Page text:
A New Blog from the National Headache Foundation’s Dr. Timothy Smith

I recently read a communique indicating that some insurance payers are adopting prior authorization rules for the newly marketed migraine prevention medication, Aimovig (erenumab) that would potentially deny or significantly limit coverage for prescriptions written by clinicians who do not hold subspecialty certification in Headache from the United Council of Neurologic Specialties (UCNS). Since less than 500 providers in the entire world have this certification, this is an unreasonable requirement which will unnecessarily block access to many of those most impacted by migraine. When one considers that there are almost 40 million patients with migraine in the US, this is an especially unconscionable restriction. Furthermore, the geographic distribution of UCNS certified headache specialists is uneven with a concentration of providers in the East and West coast areas, leaving many states with only one or two providers, and some with none! How are patients supposed to be able to access a medication with this restriction on coverage? And to our knowledge, holding a UCNS certificate has never been suggested as evidence of competence for prescribing Aimovig. In fact, some of the very clinicians who have been involved in research and development of the CGRP antibodies, including Aimovig, are not UCNS certificate holders. It would be illogical for these and other competent prescribers to be restricted from prescribing to patients because of this requirement.

Identifying which plans have established the UCNS certificate requirement is not easy to do. We contacted several payers and queried them on the policy. Most would not confirm or refute the allegation, mostly indicating that they administer numerous plans and each one has its own coverage rules and limitations. In other words, the only way to know the coverage rules is to try and fill a prescription and see if it “goes through.” However, we have heard several anecdotes from both providers and patients describing situations where a prescription was denied coverage due to this limitation. To be clear, not all insurance plans thus far are placing this restriction on access to therapy, but when one insurer takes this stance others will follow.

For now, it is hard to foresee how much difficulty patients will face across the board in obtaining access to Aimovig or other new CGRP antibodies set to come to market over the next 18 months. But the National Headache Foundation and its thousands of patient constituents will be keeping an eye on the developments and we promise to provide updates along the way. It is not our policy to pick or support individual medications. But we share with many patient advocacy groups our enthusiasm for the availability of CGRP antagonists to highly impacted migraine patients who cannot obtain relief from one or more previously available migraine preventive medications. Those patients should not be denied access based on subspecialty credentials of their provider. This goes the same for any novel new therapy with good scientific evidence to support its use from both safety and effectiveness standpoints.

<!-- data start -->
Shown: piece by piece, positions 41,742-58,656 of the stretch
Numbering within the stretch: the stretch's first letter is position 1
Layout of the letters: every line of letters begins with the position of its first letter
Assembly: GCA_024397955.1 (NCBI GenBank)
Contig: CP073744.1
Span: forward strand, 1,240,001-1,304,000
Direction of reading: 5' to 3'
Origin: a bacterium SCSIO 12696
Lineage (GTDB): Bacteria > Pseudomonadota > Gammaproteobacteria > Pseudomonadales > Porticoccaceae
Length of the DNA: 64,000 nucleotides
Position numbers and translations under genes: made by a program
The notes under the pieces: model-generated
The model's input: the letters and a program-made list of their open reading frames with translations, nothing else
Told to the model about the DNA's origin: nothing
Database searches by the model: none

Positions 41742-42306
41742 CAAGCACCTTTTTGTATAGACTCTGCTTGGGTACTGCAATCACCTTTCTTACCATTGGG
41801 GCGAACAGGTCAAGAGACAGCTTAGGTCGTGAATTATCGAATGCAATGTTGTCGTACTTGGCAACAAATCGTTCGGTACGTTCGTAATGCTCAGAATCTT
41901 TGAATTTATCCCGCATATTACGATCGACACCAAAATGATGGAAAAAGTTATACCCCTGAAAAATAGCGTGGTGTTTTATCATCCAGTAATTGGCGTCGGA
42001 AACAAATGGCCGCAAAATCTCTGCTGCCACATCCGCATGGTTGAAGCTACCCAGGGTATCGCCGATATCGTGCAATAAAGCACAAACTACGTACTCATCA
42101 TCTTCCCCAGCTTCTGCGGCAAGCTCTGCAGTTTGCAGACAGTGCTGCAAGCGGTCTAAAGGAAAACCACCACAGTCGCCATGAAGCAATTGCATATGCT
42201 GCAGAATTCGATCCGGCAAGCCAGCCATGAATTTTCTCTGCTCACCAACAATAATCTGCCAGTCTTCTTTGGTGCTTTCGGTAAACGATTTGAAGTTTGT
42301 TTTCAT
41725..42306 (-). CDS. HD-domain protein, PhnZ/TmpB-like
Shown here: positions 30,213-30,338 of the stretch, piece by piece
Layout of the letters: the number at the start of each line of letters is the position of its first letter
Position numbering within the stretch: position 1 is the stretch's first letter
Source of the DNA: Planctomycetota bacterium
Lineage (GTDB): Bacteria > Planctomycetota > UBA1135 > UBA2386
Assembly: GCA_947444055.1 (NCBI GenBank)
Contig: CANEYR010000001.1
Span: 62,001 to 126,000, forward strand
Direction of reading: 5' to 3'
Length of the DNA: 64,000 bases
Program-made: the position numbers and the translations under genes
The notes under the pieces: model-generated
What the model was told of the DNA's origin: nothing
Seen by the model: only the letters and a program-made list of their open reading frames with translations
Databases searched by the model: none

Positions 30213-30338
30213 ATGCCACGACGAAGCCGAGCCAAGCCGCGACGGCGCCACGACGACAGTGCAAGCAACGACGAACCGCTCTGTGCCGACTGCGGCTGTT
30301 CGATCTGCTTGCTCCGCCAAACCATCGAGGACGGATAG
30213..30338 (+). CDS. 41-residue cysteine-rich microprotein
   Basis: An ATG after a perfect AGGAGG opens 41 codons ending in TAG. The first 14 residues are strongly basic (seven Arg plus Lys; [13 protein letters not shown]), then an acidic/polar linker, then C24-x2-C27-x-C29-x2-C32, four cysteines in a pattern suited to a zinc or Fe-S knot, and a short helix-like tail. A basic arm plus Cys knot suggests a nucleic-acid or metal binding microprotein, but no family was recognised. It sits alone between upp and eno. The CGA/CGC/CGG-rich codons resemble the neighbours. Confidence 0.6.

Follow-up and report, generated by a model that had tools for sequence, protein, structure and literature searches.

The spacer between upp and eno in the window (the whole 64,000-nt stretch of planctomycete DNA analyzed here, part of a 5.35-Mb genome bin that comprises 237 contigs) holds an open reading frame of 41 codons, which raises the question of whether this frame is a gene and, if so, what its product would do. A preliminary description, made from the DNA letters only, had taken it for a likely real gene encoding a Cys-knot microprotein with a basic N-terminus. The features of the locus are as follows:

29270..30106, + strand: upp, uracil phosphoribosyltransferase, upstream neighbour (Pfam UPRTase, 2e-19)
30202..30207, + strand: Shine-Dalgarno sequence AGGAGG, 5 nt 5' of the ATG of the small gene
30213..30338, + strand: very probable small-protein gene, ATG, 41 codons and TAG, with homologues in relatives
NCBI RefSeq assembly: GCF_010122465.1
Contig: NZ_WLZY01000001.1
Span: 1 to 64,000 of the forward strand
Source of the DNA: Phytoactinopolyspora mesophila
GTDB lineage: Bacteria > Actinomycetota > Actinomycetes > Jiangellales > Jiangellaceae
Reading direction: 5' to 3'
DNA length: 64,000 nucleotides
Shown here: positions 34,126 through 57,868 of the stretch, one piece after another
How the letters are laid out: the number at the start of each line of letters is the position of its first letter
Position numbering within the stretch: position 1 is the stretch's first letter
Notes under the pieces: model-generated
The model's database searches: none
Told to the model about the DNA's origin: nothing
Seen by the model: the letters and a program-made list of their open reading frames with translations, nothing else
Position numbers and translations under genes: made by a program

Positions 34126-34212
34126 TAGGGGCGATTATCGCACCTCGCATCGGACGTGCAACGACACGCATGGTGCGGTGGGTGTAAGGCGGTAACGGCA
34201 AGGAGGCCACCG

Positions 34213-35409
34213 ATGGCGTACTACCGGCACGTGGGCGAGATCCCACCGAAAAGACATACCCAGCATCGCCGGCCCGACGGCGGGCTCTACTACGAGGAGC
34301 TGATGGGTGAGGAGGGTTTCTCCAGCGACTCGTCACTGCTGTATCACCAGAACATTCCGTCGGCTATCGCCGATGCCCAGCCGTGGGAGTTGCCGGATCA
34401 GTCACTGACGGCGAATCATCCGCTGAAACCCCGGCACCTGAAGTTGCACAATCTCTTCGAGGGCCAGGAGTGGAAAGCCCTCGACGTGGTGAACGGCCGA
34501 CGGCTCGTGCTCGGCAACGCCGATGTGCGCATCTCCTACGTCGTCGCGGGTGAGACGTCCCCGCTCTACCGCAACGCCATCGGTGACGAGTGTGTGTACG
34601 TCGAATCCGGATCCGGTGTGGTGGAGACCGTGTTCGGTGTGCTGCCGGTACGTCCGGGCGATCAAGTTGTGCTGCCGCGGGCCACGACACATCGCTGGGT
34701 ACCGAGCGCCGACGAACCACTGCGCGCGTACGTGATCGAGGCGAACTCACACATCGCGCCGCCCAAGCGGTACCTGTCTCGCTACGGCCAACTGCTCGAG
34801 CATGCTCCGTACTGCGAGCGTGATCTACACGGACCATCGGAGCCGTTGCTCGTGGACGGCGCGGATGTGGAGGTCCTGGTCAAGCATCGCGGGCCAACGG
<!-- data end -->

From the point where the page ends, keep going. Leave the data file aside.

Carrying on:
If you are aware of patients with migraine or other disabling disorders experiencing unfair impediments to care/medication access, be sure to let us know those stories. Visit www.headaches.org for helpful information and/or follow us on Facebook or twitter to keep up to date on the latest. You can also visit www.headachestory.com to share your own journey or support others who have provided their stories. You may be surprised to learn how many others may have common experiences with you. Finally, and most of all, remember YOU ARE NOT ALONE! The NHF is here for you!

Timothy R Smith, MD, RPh
First Vice President and Board of Directors Member
National Headache Foundation